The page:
A paper published today in the International Journal of Climatology examines wind speeds over Turkey and finds a significant decrease over the period of study from 1975 to 2006. In addition, the paper finds that the "strengths of wind speed trends identified for the 1975–2006 period over Turkey are similar to the trends detected in wind speeds in many other regions over the earth." The paper refutes claims by climate alarmists that warming causes increases of cyclones, hurricanes, or extreme weather, and corroborates many peer-reviewed papers finding the opposite, that warming causes a decrease of wind speeds, cyclones, tornadoes, and hurricanes.
Wind speed trends over Turkey from 1975 to 2006
Filiz Dadaser-Celik*, Eda Cengiz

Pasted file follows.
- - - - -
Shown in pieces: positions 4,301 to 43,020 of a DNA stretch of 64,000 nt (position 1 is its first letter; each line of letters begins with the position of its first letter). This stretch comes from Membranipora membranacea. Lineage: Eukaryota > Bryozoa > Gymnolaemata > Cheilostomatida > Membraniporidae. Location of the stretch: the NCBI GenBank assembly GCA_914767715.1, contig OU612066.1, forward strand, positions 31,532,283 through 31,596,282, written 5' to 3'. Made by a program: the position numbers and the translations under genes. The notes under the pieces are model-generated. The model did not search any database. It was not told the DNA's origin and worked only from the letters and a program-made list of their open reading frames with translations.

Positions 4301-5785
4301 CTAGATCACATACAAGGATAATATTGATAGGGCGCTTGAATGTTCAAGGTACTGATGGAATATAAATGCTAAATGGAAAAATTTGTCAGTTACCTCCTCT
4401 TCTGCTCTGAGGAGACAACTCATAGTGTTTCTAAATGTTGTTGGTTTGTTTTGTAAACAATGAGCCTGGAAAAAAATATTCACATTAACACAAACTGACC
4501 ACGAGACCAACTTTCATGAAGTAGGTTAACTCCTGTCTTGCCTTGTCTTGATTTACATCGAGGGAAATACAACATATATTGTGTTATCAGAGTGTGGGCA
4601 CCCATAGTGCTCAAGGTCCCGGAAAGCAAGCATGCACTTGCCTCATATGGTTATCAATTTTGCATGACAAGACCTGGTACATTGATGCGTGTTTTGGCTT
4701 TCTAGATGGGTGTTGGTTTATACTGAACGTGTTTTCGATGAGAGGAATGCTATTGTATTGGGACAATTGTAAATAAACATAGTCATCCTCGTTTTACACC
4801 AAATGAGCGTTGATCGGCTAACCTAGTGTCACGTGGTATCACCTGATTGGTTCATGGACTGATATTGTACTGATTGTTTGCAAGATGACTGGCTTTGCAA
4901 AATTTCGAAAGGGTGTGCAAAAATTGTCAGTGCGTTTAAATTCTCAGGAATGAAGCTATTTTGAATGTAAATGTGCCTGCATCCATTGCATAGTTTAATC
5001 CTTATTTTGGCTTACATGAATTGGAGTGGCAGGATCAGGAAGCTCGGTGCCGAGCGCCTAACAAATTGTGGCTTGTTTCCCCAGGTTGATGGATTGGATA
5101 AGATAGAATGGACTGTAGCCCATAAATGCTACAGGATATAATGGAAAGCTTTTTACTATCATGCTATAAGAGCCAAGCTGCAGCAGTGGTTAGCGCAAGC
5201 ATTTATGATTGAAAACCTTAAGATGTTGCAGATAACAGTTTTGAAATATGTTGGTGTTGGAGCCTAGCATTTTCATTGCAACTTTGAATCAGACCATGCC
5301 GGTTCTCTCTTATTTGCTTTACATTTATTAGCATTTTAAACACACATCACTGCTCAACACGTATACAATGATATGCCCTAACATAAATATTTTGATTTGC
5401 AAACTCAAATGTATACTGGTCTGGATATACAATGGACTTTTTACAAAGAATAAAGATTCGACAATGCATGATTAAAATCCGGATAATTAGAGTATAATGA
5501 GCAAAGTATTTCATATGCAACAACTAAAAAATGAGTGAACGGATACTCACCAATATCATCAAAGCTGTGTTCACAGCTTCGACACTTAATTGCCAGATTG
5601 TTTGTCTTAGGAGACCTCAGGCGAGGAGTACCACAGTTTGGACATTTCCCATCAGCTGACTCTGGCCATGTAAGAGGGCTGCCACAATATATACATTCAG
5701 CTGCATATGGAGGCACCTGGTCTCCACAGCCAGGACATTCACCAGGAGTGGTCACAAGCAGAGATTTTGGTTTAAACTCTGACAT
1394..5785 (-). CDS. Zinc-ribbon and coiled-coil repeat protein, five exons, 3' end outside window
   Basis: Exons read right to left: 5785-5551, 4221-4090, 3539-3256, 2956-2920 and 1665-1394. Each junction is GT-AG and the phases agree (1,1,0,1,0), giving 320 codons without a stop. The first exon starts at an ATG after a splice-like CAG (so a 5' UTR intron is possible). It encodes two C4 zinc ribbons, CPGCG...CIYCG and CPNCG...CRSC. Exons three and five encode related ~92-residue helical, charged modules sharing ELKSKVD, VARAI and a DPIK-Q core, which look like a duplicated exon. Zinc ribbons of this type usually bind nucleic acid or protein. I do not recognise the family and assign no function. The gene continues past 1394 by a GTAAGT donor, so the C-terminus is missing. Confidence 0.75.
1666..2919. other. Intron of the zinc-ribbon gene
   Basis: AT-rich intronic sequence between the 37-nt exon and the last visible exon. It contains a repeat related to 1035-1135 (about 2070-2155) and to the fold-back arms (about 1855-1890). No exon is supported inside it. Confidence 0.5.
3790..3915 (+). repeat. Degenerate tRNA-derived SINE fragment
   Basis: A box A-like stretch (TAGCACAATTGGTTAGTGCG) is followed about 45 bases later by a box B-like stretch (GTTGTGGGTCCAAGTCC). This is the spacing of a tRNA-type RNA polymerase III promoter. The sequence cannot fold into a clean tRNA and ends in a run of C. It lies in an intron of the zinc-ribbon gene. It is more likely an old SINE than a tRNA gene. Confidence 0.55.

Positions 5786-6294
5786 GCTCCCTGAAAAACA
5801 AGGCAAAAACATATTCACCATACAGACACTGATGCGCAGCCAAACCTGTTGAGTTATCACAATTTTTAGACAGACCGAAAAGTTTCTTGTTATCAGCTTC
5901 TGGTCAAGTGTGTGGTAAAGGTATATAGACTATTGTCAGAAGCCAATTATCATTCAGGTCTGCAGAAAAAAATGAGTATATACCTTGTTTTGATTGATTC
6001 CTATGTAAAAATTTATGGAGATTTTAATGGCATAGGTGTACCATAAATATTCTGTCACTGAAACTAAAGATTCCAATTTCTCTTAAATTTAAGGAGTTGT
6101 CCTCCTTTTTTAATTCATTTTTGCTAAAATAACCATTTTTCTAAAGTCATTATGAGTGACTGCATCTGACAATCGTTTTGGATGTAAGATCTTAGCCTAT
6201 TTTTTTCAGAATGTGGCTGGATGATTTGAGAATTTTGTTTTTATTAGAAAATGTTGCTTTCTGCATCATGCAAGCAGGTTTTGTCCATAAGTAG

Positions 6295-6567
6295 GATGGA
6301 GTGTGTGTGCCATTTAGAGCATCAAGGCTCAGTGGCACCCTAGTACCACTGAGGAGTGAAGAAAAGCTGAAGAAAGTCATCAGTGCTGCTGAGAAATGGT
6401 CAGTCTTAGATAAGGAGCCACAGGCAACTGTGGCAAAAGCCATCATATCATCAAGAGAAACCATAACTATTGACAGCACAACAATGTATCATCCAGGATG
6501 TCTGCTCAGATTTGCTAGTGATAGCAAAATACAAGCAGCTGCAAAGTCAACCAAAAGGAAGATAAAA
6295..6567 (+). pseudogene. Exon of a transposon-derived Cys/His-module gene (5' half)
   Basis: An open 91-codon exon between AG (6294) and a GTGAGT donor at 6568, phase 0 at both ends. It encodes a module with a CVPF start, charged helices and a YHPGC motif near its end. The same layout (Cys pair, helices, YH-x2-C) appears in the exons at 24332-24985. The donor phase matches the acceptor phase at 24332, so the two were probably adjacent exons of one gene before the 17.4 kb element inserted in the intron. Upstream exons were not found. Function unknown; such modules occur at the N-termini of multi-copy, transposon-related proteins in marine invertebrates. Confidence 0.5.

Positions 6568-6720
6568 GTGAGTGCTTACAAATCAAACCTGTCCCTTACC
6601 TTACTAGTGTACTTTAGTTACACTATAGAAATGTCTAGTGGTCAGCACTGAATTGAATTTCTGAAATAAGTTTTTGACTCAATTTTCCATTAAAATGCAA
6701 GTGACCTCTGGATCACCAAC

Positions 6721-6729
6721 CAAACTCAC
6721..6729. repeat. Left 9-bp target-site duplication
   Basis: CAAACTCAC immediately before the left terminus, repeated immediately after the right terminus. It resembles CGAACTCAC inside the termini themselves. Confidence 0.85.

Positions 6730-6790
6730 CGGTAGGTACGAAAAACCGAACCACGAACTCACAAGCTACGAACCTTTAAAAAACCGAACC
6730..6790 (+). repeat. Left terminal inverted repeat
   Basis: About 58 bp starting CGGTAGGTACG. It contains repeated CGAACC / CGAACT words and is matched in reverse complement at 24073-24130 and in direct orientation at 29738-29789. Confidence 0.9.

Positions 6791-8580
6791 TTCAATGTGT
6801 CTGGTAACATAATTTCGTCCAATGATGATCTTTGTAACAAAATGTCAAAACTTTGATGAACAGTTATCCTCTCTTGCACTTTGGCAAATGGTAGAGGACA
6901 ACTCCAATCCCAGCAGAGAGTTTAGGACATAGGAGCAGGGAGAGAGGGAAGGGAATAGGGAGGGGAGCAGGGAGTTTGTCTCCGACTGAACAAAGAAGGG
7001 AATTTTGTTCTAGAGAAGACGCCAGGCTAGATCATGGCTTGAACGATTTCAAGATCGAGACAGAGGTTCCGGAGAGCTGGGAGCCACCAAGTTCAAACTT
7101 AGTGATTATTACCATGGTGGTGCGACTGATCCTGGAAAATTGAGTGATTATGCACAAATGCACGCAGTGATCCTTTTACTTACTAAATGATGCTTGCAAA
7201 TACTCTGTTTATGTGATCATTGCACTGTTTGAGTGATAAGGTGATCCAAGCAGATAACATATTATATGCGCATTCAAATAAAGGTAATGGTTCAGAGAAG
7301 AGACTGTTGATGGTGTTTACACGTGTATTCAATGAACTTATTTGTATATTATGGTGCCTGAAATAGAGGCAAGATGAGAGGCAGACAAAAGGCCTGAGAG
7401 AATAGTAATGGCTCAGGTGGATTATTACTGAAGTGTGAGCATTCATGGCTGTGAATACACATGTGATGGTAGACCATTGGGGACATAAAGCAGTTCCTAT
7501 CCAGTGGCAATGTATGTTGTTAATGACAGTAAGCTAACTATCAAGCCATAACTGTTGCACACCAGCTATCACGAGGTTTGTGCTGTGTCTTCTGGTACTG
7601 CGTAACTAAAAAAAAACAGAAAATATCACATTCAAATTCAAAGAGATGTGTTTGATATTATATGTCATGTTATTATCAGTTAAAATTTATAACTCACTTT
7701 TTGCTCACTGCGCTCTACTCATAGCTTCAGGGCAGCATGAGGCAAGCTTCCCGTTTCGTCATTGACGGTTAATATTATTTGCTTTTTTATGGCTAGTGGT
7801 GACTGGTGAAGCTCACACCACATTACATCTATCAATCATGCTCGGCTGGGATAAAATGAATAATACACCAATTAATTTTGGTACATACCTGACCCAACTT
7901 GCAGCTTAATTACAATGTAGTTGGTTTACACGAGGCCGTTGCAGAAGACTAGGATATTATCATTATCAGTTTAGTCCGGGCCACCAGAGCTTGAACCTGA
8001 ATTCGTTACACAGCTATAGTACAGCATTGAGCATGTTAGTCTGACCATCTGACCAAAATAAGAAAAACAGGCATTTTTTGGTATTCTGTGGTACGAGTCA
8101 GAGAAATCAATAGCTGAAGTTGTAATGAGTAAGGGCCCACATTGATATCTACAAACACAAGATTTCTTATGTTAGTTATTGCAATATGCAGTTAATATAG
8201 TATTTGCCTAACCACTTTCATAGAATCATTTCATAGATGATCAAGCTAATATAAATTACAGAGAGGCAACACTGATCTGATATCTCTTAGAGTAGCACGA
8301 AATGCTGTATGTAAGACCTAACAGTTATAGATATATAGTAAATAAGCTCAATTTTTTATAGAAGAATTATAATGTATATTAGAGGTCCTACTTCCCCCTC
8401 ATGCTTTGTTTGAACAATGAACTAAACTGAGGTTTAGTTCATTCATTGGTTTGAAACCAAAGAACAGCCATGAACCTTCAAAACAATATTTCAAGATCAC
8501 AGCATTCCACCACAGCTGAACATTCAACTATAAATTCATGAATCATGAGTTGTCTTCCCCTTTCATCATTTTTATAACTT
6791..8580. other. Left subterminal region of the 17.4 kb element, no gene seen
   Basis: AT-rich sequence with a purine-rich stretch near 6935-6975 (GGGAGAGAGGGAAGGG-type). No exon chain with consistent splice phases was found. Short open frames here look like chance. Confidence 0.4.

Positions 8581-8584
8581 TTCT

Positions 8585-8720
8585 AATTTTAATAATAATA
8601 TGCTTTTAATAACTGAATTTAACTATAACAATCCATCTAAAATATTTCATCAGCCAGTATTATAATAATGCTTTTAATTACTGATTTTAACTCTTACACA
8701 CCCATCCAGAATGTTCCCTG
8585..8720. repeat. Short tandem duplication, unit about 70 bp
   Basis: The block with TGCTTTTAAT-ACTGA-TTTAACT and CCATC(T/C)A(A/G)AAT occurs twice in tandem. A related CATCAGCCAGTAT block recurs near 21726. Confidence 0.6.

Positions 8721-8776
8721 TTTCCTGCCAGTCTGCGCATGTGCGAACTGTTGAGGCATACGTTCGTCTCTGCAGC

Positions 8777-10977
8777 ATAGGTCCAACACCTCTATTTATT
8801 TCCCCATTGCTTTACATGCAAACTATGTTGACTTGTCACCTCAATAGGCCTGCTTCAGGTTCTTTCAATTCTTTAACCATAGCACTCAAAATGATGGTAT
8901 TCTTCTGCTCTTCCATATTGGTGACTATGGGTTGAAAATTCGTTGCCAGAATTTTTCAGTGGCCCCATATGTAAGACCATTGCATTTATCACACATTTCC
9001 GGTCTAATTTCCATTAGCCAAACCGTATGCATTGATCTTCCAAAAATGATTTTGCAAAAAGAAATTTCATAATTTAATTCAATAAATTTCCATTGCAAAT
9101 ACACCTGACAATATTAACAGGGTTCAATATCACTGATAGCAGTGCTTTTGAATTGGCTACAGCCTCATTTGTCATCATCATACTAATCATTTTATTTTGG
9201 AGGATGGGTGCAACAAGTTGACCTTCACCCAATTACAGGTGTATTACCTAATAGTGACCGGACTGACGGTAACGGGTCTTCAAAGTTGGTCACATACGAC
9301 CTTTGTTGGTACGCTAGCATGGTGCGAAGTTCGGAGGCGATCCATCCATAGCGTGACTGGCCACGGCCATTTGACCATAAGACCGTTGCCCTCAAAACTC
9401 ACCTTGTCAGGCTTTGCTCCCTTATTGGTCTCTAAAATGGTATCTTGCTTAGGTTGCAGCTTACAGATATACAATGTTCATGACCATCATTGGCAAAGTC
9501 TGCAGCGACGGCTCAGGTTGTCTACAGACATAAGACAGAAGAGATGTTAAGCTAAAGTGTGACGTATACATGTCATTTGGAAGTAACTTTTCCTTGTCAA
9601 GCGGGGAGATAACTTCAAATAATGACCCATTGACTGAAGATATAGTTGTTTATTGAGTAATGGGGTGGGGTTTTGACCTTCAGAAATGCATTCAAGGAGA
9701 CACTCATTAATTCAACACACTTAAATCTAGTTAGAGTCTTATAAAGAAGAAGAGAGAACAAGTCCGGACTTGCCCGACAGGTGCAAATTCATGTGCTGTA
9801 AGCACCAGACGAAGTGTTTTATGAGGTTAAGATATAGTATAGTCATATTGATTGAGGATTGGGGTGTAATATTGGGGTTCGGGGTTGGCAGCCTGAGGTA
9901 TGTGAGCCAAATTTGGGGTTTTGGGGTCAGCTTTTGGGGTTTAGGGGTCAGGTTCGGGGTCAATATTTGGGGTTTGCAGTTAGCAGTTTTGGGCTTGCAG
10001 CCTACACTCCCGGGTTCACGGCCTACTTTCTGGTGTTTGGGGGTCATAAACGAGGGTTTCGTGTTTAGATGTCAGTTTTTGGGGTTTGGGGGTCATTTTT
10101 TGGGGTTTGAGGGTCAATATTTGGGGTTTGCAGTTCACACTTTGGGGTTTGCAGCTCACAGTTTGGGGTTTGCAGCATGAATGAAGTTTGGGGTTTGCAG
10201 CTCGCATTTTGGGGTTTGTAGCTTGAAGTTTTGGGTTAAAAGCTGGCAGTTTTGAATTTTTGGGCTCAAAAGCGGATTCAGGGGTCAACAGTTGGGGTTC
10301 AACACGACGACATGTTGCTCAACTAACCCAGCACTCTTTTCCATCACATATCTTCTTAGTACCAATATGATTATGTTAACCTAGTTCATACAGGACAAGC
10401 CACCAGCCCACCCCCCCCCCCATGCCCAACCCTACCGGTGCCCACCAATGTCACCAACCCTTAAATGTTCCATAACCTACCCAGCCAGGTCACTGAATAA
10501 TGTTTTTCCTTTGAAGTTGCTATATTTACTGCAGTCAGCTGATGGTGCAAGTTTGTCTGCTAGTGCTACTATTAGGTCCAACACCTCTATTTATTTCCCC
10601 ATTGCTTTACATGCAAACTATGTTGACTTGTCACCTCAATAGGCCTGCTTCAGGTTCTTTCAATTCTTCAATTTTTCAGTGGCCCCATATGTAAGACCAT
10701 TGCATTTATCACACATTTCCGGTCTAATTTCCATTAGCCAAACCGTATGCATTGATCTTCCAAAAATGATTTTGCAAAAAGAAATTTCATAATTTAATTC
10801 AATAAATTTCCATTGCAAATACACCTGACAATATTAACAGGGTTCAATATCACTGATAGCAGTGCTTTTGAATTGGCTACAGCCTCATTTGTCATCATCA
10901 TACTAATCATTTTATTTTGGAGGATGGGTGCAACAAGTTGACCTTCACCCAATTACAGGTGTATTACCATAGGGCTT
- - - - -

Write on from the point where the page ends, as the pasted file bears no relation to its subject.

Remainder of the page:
This study examines the spatial and temporal dynamics of wind speeds over Turkey by analysing data from 206 weather stations for a 32-year period (1975–2006). Trends in annual, seasonal, and monthly average wind speeds were determined using the Mann–Kendall trend test with the trend-free pre-whitening procedure. The strengths of trends were estimated by calculating the Sen's slope. The possible causes of wind speed changes were discussed. The analysis showed that the majority of the stations (73%) in Turkey had average wind speeds between 1.6 and 3.3 m s−1 during the 32-year period. From 1975 to 2006, 72% of stations had downward trends in annual average wind speeds. Downward trends were statistically significant at the 0.05 level for 62%. Significant upward trends were detected in only 16% of 206 stations. The rate of change in annual average wind speed data was on average −0.014 m s−1 year−1. The trends detected in monthly average wind speed data were mostly downward with an average strength between −0.007 and −0.017 m s−1 year−1. The directions and strengths of wind speed trends identified for the 1975–2006 period over Turkey are similar to the trends detected in wind speeds in many other regions over the earth. The changes in wind speeds in Turkey are most strongly related with the changes in general circulation patterns and air temperatures. The effects associated with changes in surface roughness and data quality are minor compared to other two factors.